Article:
Review: The Easter Parade by Richard Yates
Author: Richard Yates
Genre: Contemporary Fiction
Release Date: January 1, 2004
Source: Personal Copy
During a trip to my favorite used bookstore, I came across a paperback copy of The Easter Parade in the bargain section. All I knew of Richard Yates before beginning this book was his reputation for writing about middle-class suburbia. While I haven't read his most popular book, I did see the movie Revolutionary Road, so I had an idea of what to expect. Plus, the cost was only $.75, which I just couldn't pass up. My decision was completely validated after finishing the whole thing Friday.
Starting from the 1940s, The Easter Parade is a heartbreaking tale of two sisters and the ups and downs in their lives over the span of forty years. Emily and Sarah's adolescence is spent dealing with the divorce of their parents: the flaky and erratic 'Pookie" and the alcoholic and absentee Walter. From here the lives of these two different personalities take very divergent paths. Sarah becomes a traditional suburban wife and mother at an early age, while Emily focuses on her career and a string of men who never quite seem to fit. Although they make different choices, both want to find the elusive state of happiness. Yates creates a intricate story about the regret, resignation, and repression that afflict the Grimes family.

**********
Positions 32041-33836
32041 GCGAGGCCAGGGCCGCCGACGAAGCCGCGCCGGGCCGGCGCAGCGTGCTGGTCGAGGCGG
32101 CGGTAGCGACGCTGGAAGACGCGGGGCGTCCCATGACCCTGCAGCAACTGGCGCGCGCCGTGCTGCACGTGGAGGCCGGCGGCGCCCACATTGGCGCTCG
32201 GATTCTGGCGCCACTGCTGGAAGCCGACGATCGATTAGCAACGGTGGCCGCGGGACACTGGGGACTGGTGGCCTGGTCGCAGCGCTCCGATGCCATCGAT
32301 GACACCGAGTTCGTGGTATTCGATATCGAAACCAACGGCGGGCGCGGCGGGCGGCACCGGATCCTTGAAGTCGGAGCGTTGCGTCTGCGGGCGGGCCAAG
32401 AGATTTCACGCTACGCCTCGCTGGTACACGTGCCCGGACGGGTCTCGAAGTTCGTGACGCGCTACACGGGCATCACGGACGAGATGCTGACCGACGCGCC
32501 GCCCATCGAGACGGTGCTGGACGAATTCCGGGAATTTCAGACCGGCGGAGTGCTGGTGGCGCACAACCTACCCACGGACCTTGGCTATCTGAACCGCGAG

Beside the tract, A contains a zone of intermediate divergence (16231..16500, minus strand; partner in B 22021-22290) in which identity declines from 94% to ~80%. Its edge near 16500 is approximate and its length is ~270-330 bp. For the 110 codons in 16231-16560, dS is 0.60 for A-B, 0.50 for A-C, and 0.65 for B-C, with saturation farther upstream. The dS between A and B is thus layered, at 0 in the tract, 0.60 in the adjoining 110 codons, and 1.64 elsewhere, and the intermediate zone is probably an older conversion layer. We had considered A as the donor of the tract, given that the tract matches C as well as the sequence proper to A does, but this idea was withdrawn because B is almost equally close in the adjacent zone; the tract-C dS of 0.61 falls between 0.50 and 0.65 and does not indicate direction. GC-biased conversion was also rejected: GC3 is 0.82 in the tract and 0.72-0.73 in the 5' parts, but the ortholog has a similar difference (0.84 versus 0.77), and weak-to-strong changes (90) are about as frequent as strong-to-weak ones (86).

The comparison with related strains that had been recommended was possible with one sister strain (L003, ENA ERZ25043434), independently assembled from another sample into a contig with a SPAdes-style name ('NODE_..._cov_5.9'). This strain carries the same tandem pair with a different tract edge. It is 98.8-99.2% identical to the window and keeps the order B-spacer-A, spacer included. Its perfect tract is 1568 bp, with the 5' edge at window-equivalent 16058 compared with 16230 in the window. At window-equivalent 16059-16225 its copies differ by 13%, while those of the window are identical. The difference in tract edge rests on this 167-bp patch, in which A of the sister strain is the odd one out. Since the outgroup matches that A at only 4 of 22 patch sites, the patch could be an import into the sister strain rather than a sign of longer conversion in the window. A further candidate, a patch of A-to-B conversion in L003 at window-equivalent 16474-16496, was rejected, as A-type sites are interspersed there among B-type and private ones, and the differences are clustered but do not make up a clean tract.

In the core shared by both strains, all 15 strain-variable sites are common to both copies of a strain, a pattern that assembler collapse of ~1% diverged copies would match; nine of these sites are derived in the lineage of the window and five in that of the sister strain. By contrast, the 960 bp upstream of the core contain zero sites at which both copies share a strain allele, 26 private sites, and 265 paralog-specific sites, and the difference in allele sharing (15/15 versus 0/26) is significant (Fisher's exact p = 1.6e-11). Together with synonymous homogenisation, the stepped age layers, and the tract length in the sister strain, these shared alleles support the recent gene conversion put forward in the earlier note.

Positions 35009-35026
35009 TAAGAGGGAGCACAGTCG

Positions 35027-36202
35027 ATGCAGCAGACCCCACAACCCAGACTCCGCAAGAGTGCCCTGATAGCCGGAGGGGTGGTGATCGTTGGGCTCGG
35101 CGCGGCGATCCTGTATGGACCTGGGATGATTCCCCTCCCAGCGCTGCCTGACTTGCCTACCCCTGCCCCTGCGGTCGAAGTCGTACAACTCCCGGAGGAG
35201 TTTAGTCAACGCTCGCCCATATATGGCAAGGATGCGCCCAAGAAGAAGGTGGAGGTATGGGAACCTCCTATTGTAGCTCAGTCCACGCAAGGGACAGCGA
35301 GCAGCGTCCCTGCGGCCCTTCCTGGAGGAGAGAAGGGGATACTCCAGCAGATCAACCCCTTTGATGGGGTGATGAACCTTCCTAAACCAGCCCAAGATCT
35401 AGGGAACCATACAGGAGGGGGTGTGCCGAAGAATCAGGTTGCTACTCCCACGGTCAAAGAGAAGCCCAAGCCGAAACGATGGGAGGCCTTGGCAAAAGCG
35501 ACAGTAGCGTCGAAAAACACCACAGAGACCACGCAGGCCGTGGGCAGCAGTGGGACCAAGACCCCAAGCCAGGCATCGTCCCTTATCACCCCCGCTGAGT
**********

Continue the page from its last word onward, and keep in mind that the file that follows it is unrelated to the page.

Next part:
'I don't get it,' Emily said.
'Oh, Emmy,' Sarah said. 'How many people know what "capitulate" means?'
'Do you know what it means?'
Sarah blinked. 'Well, but I mean how many other people do? And for a daily newspaper that's supposed to reach millions of people - I don't know; I thought it was funny, that's all.'
Most of the narrative stays with Emily, but there are moments when glimpses of Sarah's life are revealed. Some of the most compelling scenes involved the interaction between the two sisters. Yates does an excellent job conveying the envy and pity these two hold for each other. Both seem unsatisfied with their own situations and long to be in the other's shoes. The portrayal of the relationship between the women is very realistic, and I think many siblings feel this way to some degree. There is very much a presentation of opposing views of womanhood, wife/mother vs the single career girl, and the few males that are in the narrative are relatively weak.
School was the center of [Emily's] life. She had never heard the word 'intellectual' used as a noun before she went to Barnard and she took it to heart. It was a brave noun, a proud noun, a noun suggesting lifelong dedication to lofty things and a cool disdain for the commonplace."